The Mark Morris studios are beautiful: light and airy and unfussy—a fitting tribute to the Morris style. And I really enjoyed the BAM performance. I caught Jenn and Spencer and Spring, Spring, Spring—both from 2013. I missed the opening piece on the program because I rehearsed La Sylphide until 7pm at Lincoln Center and couldn’t make to BAM by 7:30. It’s always a gamble for us
Spring, Spring, Spring is Morris’s riff on The Rite of Spring. Stravinsky’s iconic score is refracted into a jazzy cacophony by the musical trio The Bad Plus. Spring, Spring, Spring seemed more like a sendup of Jerome Robbins’s NY Export: Opus Jazz than Nijinksy to me. Morris frequently evokes Robbins in my mind, and I liked his jazz bacchanal better than Robbins’s. I think that Opus Jazz, which was made for a small touring company and tiny venues, gets lost on the huge stage at the David H. Koch Theater. To my mind, it shines best in the film of the same name by Henry Joost and Jody Lee Lipes, which was conceived and produced by my friends Ellen Bar and Sean Suozzi. But anyway, Spring delivered sophisticated syncopation and a go-for-broke energy. Though I was exhausted from my long rehearsal day when I entered the theater, I left feeling rejuvenated.
Best of all is Morris’s L’Allegro, il Penseroso ed il Moderato. What an amazing piece of art! The way the piece deftly handles its source material and its myriad influences—which include 17th Century poetry, Greek mythology, Renaissance painting, and the whole history of dance—is incredible. Also, I don’t usually find that dance performances translate to film very well (unless they are tailor-made for film, like the aforementioned Opus Jazz), but I found the PBS Great Performances recording of L’Allegro very moving. (There is also something about running a high fever that makes one particularly emotional…) It helps too that the Handel score is sublime, and the costumes by Christine Van Loon nod to William Blake’s gorgeous illustrations of Milton’s poetry.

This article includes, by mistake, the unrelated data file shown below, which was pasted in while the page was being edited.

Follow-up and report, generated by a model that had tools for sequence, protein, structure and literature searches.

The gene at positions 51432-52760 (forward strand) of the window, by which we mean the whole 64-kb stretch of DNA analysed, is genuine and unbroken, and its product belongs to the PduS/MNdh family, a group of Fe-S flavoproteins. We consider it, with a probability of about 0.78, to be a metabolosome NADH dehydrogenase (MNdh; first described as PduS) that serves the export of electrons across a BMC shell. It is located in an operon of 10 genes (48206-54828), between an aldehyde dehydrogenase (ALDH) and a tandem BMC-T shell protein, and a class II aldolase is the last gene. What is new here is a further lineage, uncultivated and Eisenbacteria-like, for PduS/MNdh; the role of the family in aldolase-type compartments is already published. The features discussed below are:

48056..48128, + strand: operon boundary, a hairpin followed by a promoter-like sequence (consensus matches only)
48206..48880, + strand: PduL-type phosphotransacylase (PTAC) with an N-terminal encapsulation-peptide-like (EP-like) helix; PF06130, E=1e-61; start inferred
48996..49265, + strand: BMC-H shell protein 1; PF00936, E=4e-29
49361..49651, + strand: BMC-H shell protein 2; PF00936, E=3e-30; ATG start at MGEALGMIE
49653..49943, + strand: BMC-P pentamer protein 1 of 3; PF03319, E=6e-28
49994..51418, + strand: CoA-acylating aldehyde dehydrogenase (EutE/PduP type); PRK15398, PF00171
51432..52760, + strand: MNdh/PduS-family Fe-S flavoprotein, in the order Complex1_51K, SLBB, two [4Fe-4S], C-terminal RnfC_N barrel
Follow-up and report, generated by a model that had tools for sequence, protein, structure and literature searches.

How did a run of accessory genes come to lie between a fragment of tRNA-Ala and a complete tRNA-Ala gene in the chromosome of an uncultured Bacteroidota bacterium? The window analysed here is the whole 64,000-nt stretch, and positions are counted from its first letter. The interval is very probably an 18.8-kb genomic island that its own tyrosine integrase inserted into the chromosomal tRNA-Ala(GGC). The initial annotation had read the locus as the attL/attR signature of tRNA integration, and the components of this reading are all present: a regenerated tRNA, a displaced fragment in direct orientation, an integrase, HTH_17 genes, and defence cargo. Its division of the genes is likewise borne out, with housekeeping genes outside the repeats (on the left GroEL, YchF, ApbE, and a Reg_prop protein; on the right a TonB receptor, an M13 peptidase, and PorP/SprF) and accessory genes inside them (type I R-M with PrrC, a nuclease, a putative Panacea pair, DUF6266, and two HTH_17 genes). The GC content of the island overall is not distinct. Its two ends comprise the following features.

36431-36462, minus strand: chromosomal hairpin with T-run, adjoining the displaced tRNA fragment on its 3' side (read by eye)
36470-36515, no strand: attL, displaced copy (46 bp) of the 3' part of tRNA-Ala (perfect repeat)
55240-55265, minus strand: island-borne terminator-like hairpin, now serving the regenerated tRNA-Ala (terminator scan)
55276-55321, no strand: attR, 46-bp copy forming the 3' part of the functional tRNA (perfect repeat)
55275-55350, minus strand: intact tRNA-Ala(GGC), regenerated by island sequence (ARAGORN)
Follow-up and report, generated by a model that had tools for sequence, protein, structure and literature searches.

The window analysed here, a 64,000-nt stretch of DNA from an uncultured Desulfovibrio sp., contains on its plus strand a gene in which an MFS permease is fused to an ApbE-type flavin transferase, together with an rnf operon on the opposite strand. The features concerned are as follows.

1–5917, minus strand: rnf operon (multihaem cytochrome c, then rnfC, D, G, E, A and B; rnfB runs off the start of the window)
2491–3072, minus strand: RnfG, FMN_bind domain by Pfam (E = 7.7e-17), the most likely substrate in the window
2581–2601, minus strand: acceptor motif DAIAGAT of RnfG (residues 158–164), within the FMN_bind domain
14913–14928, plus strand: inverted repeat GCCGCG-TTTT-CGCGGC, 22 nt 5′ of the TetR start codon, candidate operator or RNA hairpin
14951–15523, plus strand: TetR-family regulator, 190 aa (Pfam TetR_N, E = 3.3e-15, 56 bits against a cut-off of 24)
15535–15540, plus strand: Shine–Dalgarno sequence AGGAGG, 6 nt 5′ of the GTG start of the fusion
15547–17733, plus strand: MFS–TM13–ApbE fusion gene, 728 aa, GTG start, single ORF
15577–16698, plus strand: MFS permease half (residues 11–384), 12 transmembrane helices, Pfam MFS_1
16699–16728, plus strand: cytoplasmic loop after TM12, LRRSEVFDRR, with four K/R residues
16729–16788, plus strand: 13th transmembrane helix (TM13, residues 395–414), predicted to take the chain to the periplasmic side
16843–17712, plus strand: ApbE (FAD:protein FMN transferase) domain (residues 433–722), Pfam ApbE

I have loved John Milton’s companion poems, L’Allegro and Il Penseroso ever since I studied them with one of my favorite professors, Frank Boyle, at Fordham several years ago. The poems are essentially about how one looks at life. Milton juxtaposes two personality types, prompting his readers to reflect upon which type they are. In a nutshell: are you contented by the simple pleasures of nature and aesthetic beauty, or do you find quiet contemplation and freedom of thought—however somber a turn your mind may take—to be the ultimate joy. That is a gross oversimplification, but I could write about them for pages if I didn’t generalize. Oh yeah, the poems are also about such trivial matters as the legacies of poetry, philosophy, and mythology! They contain references to Ovid, Johnson, Horace, Shakespeare, Chaucer, Homer, and Donne among others. They are not epic in length like much of Milton’s work, but they certainly pack a punch.